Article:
Female business entrepreneurs
Amidst the turmoil of the Yemen conflict, four female entrepreneurs are offering a promising start to the future of peace in their country. In the port city of Hodeidah, Yemen’s fourth largest urban centre four female-run businesses have recently been awarded micro loans to expand their business after the training they received in business skills from SPARK’s Agri-Business Creation Programme (ABC). The businesses are in a mixture of arts, crafts and confectionary and have been breaking down economic barriers for women’s involvement in entrepreneurship.

Breaking gender barriers

Following on from SPARK’s Yemen success stories, the four female entrepreneurs are leading the way in business creation. Two businesses produce handicrafts made from palm fronds, a natural and abundant resource in Yemen from which baskets, bags, hats, fans, mats and brooms can be made, all beautifully decorated and hand made. These businesses are the most well-established and were started to create economic security and provide useful low cost products for lower income families. Fatima Mohammed Abdulfattah who runs Brooms & Mashagebs talks about her personal ambitions: ‘To own my own business, this was achieved when I receive the loan. Now I can aspire after a period of time to expand the sale of my products to the provinces and eventually to the capital Sanaa.’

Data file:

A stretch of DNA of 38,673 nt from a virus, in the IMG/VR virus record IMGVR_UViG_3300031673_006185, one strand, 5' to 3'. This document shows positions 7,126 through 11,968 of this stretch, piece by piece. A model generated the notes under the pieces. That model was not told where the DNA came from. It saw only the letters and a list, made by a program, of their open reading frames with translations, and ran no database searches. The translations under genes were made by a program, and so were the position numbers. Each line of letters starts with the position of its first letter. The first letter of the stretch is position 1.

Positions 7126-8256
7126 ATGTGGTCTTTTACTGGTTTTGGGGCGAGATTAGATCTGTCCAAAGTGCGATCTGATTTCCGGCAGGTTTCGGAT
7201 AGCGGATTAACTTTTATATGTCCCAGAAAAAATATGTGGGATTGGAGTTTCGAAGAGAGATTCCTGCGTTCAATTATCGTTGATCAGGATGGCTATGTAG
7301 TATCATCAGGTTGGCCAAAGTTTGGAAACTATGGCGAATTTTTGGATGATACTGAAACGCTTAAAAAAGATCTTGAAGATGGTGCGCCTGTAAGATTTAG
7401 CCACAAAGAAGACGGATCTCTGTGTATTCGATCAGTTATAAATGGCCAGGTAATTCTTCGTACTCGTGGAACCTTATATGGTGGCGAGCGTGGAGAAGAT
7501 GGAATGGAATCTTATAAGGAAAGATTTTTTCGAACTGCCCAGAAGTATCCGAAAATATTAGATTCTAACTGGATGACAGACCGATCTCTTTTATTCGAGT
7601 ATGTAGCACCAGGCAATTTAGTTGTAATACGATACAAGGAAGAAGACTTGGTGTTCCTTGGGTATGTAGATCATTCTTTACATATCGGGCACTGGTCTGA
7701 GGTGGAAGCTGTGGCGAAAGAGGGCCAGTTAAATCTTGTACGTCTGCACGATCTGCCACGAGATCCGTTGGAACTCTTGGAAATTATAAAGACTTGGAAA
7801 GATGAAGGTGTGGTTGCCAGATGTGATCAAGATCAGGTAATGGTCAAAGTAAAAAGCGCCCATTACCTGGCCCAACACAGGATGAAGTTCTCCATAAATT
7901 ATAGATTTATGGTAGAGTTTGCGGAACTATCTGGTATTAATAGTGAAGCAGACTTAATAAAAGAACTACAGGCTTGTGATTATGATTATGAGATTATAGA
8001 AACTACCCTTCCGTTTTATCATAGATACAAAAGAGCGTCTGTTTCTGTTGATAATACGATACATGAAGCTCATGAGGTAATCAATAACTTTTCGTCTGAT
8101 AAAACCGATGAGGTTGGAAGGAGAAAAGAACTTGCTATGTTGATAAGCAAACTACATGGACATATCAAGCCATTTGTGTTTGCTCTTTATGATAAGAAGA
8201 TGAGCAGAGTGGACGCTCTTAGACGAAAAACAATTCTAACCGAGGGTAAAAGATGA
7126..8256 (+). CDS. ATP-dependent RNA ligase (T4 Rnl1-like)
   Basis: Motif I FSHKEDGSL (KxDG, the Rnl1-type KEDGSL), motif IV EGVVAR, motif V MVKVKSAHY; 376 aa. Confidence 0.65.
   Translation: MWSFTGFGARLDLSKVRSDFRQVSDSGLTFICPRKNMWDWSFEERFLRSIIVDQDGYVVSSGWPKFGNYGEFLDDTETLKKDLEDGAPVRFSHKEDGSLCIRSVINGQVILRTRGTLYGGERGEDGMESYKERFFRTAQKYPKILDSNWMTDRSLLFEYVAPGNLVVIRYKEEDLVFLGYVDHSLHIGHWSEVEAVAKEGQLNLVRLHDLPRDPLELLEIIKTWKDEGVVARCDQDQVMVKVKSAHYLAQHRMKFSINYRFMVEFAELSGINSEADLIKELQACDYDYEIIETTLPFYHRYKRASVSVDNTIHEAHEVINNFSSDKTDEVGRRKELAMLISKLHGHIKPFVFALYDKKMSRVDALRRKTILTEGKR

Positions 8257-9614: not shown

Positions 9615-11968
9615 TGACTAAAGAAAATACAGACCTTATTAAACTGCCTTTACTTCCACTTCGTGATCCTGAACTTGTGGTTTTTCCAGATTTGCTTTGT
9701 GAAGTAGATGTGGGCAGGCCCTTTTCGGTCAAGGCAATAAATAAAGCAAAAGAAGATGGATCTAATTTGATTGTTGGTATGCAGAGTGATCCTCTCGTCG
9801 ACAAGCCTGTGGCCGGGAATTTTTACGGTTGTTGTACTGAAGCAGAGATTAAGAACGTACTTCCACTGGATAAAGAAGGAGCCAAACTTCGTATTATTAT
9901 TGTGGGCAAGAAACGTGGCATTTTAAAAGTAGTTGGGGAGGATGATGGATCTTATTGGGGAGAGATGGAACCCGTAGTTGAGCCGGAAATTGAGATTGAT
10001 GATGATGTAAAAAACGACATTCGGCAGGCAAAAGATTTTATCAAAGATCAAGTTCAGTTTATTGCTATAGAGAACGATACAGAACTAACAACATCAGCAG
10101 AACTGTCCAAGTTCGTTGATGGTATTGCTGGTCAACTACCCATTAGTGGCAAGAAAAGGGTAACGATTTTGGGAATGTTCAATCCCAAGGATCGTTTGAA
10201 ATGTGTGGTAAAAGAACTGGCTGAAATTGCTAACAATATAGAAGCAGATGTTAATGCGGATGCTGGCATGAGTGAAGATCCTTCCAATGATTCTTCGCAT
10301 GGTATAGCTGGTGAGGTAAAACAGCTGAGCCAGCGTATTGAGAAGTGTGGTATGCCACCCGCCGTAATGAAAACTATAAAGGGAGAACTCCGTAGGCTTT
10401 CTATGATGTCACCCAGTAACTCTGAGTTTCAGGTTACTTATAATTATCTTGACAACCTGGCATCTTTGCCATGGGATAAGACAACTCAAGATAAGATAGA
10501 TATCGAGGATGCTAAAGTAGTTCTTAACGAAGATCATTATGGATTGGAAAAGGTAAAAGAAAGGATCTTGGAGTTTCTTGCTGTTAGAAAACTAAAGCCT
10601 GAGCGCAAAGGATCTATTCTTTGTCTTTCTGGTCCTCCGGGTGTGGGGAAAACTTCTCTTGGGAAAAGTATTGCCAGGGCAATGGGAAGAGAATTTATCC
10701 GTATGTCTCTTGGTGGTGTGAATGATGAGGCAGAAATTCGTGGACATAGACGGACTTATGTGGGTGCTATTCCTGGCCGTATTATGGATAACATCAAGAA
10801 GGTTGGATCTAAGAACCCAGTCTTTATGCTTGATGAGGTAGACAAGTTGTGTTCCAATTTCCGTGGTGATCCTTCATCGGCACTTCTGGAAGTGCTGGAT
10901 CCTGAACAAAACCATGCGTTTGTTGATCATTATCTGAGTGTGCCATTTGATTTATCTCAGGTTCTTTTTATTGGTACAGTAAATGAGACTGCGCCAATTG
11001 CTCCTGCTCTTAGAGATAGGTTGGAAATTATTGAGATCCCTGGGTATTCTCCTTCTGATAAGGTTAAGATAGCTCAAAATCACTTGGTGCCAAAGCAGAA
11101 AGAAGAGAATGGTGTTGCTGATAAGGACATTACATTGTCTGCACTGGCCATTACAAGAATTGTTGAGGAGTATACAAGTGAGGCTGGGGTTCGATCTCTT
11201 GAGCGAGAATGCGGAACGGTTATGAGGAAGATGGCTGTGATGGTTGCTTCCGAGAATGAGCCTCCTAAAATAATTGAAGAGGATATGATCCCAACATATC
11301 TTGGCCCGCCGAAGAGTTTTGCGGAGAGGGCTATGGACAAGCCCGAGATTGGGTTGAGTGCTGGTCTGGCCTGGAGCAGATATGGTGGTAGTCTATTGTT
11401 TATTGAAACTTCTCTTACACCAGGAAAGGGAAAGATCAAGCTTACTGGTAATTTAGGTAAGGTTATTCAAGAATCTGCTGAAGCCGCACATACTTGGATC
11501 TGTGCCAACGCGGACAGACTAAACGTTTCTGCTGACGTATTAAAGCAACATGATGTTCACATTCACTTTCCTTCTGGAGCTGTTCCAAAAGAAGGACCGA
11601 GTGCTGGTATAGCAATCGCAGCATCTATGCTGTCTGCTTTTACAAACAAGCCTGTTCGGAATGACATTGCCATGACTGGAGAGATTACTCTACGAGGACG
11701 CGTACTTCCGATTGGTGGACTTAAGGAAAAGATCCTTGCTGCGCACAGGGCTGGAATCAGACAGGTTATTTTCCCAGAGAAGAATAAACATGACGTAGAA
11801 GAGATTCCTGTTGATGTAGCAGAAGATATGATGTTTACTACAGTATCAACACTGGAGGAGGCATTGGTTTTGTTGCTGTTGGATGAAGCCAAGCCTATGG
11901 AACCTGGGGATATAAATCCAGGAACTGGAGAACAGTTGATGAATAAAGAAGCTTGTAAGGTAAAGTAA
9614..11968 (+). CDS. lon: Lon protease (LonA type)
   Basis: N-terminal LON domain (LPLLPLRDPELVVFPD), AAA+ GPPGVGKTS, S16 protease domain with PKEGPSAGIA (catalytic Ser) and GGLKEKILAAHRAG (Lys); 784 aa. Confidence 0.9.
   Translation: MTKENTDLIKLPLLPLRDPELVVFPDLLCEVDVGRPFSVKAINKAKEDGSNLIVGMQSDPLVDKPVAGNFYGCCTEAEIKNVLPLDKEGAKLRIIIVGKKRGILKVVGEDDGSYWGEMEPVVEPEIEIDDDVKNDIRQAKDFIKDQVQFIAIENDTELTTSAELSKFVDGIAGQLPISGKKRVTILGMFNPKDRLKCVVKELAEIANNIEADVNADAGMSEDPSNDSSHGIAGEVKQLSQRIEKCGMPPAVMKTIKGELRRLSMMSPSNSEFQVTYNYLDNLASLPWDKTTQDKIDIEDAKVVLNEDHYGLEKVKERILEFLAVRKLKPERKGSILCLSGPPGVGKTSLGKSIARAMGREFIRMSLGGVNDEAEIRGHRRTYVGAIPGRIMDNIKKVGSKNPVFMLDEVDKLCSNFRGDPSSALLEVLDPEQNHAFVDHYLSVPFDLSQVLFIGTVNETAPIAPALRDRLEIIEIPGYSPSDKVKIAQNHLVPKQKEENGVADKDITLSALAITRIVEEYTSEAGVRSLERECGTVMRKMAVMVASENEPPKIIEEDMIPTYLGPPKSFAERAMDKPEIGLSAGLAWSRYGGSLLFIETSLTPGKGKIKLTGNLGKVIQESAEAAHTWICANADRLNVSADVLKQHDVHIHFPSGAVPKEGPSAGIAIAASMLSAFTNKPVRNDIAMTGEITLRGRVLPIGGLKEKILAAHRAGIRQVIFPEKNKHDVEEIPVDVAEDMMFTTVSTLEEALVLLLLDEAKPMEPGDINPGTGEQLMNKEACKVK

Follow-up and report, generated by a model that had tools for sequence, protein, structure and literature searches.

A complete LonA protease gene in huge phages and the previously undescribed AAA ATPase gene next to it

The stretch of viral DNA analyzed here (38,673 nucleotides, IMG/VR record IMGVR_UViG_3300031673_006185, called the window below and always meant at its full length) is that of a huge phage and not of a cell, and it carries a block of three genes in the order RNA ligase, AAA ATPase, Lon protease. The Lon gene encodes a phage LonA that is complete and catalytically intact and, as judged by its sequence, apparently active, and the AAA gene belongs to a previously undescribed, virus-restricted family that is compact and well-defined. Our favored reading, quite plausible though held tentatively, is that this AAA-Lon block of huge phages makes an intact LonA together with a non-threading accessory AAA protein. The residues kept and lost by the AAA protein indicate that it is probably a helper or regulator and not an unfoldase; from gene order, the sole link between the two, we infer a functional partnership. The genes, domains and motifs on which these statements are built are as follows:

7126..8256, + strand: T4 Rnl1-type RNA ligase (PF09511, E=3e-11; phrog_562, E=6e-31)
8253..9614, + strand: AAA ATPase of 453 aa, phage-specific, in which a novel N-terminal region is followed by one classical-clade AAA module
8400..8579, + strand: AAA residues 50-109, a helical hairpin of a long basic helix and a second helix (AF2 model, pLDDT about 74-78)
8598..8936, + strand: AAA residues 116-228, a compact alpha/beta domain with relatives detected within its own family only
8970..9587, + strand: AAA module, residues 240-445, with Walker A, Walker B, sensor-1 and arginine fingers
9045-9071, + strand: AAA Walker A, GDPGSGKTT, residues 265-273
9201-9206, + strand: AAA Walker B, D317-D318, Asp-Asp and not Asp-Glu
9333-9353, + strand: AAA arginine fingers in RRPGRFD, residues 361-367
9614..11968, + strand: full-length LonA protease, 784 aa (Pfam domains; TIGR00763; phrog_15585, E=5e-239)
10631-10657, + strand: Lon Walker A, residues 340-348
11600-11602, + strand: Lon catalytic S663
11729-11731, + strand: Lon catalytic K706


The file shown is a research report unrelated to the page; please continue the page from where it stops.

The locally produced products also offer an alternative to expensive imports. Roqaya Mohammed who owns Arts Laboratory for the Production of Handicrafts expresses how she: ‘would love to see my business products accessible to everyone.’ The business builds on the passions of the four women, who have natural talents in the production of their respective business products already. Many, such as Soaad Dawod Abdullah who has recently begun her confectionary business, have been making their products at home for friends and family already, she explains why she chose to expand: ‘I see the business being popular because of people’s love for sweets, especially for Labania (cardamom flavored fudge) It sells in large quantities and this will boost my income.’

Expanding businesses

With support from SPARK’s Agri-Business Creation programme (ABC) the four women have been able to secure funds from a micro-loan company in Hodeidah in order to build on their supply and marketing. CAC-Bank has awarded the women credit of around 1,000 USD to support them in expanding their business ideas. Some, such as Bushra Salem Saeed Moqawet have noticed a gap in the market which gave her the business idea. Her business provides Henna ink to local painters who otherwise have to import the ink from larger urban areas. Bushra makes the ink locally and provides an environmentally friendly, free from chemical product. She wants to use the loan to expand into a shop where she will also supply the end customers with detailed henna patterns as well.

Promoting local markets

The businesses fulfil the women’s search for locally available and affordable beauty and home products while also breaking down gender barriers to women owned business. All the women express satisfaction with owning a business and the responsibility and independence that comes with making their own choices. They all have high ambitions as Soaad explain: ‘I aspire to achieve success in the progress and further development and excellence in my sector, to acquire vocational skills and improve on the production and sale of sweets that will improve Yemen’s domestic produce.’

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